Get These Tight Ends Late In Your Drafts

·7 min read



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For some fantasy football obsessive somewhere, their dying words will be, “Tight end is deep this year.”

Maybe they'll have the phrase scrawled on their gravestone. Maybe a family member will eulogize the departed fantasy head by commending their eternal faith that someday -- one year -- the tight end position would indeed be deep in fantasy football.

It's not deep, however. It never is. Tight end is extraordinarily top-heavy year in and year out. Tight end may look deep -- there might be a few guys going in the middle rounds who sure seem like they have a shot to outperform the early-round tight ends -- but this is merely an illusion in the desert of your fevered mind. You'd do well to ignore it. Move on to your next incorrect thought.

This season, like every season, the two most viable approaches to tight end are to go all in on the elites -- Travis Kelce, Mark Andrews, Kyle Pitts -- or kick the proverbial can down the proverbial road and take a tight end in the later rounds (I'll now contradict everything I've written and say Dallas Goedert in the eighth or ninth round of 12-team leagues strikes me as your last shot at top-end production).

If you simply can't stomach using massive draft capital at tight end or don't get a chance to land one of the few tight ends who produce like a top-12 wide receiver, consider the following late-round dart throws. We seek the following in a tight end flier: A player who should run plenty of pass routes, who has demonstrated some ability to command targets, and who has been at least somewhat efficient as a pass catcher.

Albert Okwuegbunam (DEN)
ADP: 13.04 (TE18)

Albert O truthers wept with joy on Tuesday upon getting a last-minute reprieve from the governor's office, in the form of rookie TE Greg Dulcich being placed on injured reserve with a severe hamstring injury. Albert O drafters' families returned. It was a joyous scene.

Following a preseason in which Okwuegbunam played against third and fourth-string defenders in the second half of Denver's preseason games, it looks like the big man is in line to run a full complement of routes in Russell Wilson's offense -- for now, at least.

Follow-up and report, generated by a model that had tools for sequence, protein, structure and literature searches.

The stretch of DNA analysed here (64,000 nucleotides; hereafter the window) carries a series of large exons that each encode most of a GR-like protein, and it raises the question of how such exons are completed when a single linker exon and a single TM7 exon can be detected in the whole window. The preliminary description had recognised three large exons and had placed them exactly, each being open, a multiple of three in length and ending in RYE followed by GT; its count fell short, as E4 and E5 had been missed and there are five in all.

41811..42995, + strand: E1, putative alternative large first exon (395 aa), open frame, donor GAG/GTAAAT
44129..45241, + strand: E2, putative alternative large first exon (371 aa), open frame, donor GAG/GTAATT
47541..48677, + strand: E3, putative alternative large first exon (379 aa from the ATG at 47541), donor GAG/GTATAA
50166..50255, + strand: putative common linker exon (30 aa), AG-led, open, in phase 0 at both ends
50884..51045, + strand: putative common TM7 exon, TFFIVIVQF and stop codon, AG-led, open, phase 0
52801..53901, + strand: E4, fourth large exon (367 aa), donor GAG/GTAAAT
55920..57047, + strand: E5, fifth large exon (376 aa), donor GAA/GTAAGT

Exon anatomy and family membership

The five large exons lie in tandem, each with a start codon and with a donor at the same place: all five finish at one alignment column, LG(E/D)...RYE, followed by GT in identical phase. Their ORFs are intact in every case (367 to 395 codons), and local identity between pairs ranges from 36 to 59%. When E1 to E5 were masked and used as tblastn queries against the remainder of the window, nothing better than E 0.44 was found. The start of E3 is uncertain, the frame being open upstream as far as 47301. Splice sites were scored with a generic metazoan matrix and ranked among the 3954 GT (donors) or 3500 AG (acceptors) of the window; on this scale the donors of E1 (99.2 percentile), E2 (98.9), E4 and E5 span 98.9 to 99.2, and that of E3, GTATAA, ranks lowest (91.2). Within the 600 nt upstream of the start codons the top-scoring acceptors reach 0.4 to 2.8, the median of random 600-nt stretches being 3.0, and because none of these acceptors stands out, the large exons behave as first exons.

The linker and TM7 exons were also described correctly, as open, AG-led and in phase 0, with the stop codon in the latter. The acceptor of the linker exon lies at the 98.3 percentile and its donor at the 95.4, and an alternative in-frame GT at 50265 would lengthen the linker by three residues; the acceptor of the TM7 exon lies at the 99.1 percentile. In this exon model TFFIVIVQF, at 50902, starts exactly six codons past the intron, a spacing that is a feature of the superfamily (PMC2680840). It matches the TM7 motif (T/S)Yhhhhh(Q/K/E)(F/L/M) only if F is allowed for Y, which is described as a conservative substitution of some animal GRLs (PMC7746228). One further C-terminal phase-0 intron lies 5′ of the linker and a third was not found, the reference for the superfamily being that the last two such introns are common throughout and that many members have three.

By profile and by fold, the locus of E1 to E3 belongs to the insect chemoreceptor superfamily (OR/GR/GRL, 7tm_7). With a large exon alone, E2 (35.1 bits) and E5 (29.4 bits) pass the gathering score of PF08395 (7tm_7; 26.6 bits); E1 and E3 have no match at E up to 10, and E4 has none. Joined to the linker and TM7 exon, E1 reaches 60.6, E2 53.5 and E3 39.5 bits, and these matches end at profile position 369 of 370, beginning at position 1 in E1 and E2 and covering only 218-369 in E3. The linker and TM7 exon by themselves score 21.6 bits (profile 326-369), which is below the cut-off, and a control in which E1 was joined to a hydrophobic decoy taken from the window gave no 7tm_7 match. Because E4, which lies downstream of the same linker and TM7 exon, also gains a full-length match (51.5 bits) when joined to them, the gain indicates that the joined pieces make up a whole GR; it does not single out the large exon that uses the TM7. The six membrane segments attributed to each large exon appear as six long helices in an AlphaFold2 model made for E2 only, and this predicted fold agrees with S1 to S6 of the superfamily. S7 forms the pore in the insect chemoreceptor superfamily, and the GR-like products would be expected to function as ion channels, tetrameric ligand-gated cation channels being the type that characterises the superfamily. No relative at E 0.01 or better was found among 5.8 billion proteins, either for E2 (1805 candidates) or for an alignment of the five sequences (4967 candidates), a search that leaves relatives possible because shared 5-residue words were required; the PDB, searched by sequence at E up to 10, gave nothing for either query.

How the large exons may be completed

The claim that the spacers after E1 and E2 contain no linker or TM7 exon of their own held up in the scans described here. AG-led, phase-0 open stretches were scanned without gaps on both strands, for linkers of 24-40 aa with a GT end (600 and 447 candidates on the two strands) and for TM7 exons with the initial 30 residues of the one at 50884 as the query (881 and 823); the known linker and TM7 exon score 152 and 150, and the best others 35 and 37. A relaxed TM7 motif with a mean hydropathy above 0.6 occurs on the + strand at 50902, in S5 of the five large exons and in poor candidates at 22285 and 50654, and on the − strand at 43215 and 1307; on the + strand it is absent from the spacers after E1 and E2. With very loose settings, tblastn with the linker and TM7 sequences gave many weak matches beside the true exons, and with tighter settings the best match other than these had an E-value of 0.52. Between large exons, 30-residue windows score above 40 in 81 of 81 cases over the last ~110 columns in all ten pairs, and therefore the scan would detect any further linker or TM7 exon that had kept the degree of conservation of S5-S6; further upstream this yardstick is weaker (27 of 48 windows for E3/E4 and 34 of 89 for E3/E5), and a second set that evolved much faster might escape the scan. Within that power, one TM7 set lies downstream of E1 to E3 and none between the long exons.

Okwuegbunam, who has reportedly struggled to pick up the new Denver offense, was indeed an efficient catcher of the football in his limited 2021 opportunities (40 targets in 14 games, or 2.86 targets per game). His 2021 production was about ten fantasy points over expected, and his yards per route run ranked seventh among tight ends with at least 150 routes. Okwuegbunam last year had the ninth highest targets per route run among tight ends, seeing a target on a solid 24 percent of his routes.

If Okwuegbunam's 2022 usage is anything like his usage over the past two seasons, it won't include much pass blocking. That's good. That's what we want. In a Broncos offense that's widely believed to be based on checkdowns and downfield shots, Albert O (and the team's running backs) could gobble up a big chunk of the former. He could be fun for fantasy purposes until Dulcich and his luxurious curls are back in October.

David Njoku (CLE)
ADP: 12.04 (TE16)

Any questions about Njoku's role in Cleveland's offense were answered with his preseason usage. Njoku, who in May signed a four-year, $56.8 million contract extension, played 92.9 percent of the snaps with the Browns first-team offense in three preseason games. Most encouragingly, he was featured in the slot and occasionally outside -- a departure from his previous usage in Cleveland's offense.

The hope for those drafting Njoku and his rippling eight-pack late in their redraft leagues is that he's more involved in Kevin Stefanski's passing attack. Last year, Njoku had a ho-hum 19 percent target per route run rate, barely inside the top 20 among tight ends with at least 250 pass routes. Don't let that obscure Njoku's efficiency on those rare targets: He was ninth among tight ends with a 1.66 yards per route run in 2021. Only 12 tight ends had a higher fantasy points over expected last season.